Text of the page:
Karl Marx is famous for his theory of class struggle, which is able to lead to economic change. Marx believed that class conflict appeared because of the disproportion between proletariat and private ownership that privatized surplus value. Spielvogel (2011) proves that Karl Marx was the greatest thinker of the 19th century who spent the greatest portion of his life analyzing the causes of instability of capitalism and development of a working class conflict with the bourgeoisie. The working class movement gave birth to the revolutionary communist activity. He believed that transformation of capitalism to socialism would improve the status of the working class.
The Implication of Darwin’s and Marx’s Ideas for Modern Times
In spite of their substantive philosophical differences, these two thinkers shared a common intellectual orientation: they understood that human beings should be observed from historical and developmental perspectives (Obeyesekere, 2012). Darwin’s ideas changed the scientific approach to natural sciences, the existence of human on the Earth, and initiated new sciences relating to genetics. Their achievements continue to have a significant impact on the modern culture. Contemporary thinkers realize the importance of their findings on behavioral and biological adaptation, human psyche, and class conflict. Darwin’s theories influenced the people’s conceptions of the inner world and their place in it. Marx’s theories had a substantial influence on the conception of the changing the capitalist society into socialist one that became the main reason of Socialist Revolution of 1917 in Russia.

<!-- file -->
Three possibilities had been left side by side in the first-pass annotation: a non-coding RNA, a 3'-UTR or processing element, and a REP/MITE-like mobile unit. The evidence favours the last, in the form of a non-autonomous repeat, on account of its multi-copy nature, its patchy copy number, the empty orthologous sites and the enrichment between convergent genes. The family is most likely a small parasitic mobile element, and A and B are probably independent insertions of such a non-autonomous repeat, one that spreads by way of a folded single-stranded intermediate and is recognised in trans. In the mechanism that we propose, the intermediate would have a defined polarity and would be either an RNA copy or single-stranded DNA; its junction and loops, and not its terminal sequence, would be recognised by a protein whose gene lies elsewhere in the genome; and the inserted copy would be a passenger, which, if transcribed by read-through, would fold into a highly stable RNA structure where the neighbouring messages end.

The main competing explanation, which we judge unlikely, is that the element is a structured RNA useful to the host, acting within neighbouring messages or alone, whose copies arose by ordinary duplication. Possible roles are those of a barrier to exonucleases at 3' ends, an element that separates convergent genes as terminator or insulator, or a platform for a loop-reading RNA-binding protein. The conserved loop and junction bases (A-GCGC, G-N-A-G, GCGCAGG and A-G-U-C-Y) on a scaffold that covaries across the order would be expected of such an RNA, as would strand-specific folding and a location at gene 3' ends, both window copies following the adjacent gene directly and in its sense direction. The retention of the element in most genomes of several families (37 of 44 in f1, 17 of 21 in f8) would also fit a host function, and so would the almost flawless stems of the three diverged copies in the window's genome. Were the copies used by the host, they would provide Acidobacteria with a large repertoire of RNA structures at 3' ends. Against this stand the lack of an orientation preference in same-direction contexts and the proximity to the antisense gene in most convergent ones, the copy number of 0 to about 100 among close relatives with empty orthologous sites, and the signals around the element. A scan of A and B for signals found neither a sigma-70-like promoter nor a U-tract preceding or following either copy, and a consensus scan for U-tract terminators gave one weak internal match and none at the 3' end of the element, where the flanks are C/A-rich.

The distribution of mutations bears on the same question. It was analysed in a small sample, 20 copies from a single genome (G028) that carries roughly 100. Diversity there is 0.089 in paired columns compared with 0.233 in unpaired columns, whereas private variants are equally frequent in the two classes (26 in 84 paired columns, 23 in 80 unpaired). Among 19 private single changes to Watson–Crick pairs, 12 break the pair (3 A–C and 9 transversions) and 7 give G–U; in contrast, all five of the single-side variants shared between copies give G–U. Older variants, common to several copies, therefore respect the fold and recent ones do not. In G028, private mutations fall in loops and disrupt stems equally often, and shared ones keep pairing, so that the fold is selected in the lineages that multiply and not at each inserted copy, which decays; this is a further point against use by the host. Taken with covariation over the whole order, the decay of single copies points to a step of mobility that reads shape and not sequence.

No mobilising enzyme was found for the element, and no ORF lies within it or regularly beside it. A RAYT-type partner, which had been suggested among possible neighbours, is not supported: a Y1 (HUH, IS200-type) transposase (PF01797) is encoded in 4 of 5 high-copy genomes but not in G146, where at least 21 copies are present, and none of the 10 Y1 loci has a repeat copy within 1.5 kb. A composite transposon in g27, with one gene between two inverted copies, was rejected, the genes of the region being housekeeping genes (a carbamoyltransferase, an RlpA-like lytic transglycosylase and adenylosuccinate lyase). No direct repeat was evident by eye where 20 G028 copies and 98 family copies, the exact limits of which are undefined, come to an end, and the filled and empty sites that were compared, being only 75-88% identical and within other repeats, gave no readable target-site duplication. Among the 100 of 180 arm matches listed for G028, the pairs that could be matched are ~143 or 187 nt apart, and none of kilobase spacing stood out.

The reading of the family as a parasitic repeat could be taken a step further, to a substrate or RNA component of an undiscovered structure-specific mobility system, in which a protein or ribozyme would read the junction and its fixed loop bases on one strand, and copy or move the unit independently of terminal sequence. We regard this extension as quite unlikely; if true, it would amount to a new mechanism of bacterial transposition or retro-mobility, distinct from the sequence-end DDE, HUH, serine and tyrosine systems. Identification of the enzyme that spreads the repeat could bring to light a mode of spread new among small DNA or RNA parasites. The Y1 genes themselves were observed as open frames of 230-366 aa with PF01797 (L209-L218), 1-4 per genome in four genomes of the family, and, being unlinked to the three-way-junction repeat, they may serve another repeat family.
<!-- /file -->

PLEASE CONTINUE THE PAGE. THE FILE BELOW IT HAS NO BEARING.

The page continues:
Obeyesekere (2012) believes that people who analyze Darwin’s and Marx’s studies can rely on their theories to learn more about themselves. Their works had a great impact on ethical theory, and many other thinkers drew the moral implications from the Marxian and Darwinian perspectives. Although neither Darwin nor Marx constructed an ethical theory, they showed great concern for social and political issues that had profound consequences for human. Marxism is connected with Darwinism as they express the same progressive ideas relating to change, dynamism, and conflict. In spite of their theoretical differences, they provided a scientific basis for new revolutionary movements in Europe and other parts of the world.
Charles Darwin and Karl Marx were the greatest thinkers of the 19th – early 20th centuries that had a great impact on the economic, social, and cultural changes that occurred in Europe and in the rest of the world. Both thinkers contributed to human behavior that became more progressive and led to social and political changes. Darwin’s evolution of species and Marx’s views on class struggle prepared the grounds for future European revolutions and social changes thanks to new revolutionary ideas.